The working conditions for children during the 19th century Essay
Sorry, but copying text is forbidden on this website!
This essay is about the working conditions for children during the 19th century particularly in 1930s, 40s and 50s. The resources I used for this essay was a video called ‘Suffer The Children’ this video contained violent and some disturbing pictures towards conditions children were forced to work in.
The Royal Commissions later investigated these conditions. The Royal Commissions were a group of men part of the government who interviewed many children working in mills, mines, factories and farms.
They were surprised with the poor conditions these children young as 6 worked in, and the surroundings they were forced to work in. The Royal Commissions chose to search for this information because if they had not this would later cause problems like strikes and revolutions between groups of people. Immorality and vice was a major problem between young girls. Older men would use and abuse these girls, this is why the Royal Commissions decided to act towards it and they brought out new laws to prevent child abuse and poverty.
The Royal Commissions started their investigations; this influenced many changes in the industrial revolution. On June 1st 1832 The Royal Commissions interviewed Charlie Burns, he was an example of a mill worker in a textiles factory ‘Bobbin Doffer’. Charlie Burns worked in poor conditions. He had been beaten up regularly, he was forbidden to talk or even take breaks to eat between his works. He worked in very dangerous areas. During brisk time Charlie worked 6am-7pm or even sometimes 18 hours a day.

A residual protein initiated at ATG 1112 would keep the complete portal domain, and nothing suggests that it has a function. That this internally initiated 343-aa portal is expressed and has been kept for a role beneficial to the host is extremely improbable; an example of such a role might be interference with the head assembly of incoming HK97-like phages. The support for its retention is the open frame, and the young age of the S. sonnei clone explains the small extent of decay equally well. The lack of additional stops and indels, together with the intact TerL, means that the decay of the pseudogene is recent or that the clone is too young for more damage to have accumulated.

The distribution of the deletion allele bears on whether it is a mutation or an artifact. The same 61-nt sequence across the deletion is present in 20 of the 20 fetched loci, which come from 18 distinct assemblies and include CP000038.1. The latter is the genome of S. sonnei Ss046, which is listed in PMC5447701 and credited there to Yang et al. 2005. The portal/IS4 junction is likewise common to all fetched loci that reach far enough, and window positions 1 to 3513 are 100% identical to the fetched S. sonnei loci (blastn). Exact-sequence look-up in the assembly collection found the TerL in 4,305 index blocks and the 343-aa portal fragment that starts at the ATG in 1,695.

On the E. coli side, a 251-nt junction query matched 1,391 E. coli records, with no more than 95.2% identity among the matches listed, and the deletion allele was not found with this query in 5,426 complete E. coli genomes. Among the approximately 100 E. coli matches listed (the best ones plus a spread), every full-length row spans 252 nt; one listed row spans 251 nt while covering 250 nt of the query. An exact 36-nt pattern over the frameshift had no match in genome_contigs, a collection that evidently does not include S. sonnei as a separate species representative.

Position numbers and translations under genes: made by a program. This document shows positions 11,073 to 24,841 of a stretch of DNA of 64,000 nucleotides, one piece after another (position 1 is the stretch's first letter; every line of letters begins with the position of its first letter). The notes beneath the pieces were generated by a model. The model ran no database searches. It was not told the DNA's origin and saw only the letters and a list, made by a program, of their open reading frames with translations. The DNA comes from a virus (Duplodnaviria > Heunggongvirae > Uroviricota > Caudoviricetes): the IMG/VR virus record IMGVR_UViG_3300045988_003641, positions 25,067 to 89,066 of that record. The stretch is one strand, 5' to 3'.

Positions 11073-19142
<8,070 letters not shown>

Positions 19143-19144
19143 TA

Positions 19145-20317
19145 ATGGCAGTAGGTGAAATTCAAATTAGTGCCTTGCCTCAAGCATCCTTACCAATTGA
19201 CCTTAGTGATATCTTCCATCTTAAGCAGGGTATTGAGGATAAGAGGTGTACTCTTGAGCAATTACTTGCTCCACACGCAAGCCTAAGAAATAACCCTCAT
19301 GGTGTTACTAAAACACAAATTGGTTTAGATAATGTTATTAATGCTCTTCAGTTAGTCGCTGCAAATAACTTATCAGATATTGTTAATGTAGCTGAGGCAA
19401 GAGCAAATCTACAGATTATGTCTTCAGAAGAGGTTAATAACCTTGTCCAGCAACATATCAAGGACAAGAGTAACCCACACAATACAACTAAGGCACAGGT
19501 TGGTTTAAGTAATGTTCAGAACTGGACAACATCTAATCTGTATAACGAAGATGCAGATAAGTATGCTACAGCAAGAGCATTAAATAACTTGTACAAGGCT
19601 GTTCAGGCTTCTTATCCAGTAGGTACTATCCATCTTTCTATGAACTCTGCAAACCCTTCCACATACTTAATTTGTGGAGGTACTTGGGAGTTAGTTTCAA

Pauper apprentices were children or orphans belonging to mill owners, they worked as mill workers or slaves to owners. In Manchester 57% of all children died before the age of 5! In some of the poorest areas in Manchester life for children was very tough, they lived in filthy, dirty, unhygienic areas. Families living there had often dug holes in the ground for excretion. No pavements were placed on to the ground and the areas often smelt. Many children died by the surroundings and environments they were force to live in. There were no health or safety regulations.
The Gang System was affected by the agricultural and farming conditions. In each gang system there was a gang leader, the gang leader employed children and women only to do their work, in farming. For example Sarah Ann Robert ages 11 was treated in poor conditions. Everyday Sarah was wet in the rain, as they were not given any shelter. Sarah walked with sticks, she had to walk with sticks because she suffered from swore bones, swore bones were cause by the considerable time she spent outdoors in the cold and rain. Elizabeth Dixon gave birth to 11 children she was known to have worked hard.
Her job was to pull turnips and mangles. Elizabeth was kicked, beaten and abused by maestros. Jemiah Dixon was the daughter of Elizabeth Dixon; she died from aches and pains from working in the bad conditions on fields. The Gang System was thought to have encouraged misbehaviour. Young children, girls and boys would often be ramping in the hay. They did not go home after work and often stayed on the farms. The children felt as if there was nothing wrong with ramping around in the hay. The Gang Leaders abused children and often girls became pregnant by the leaders.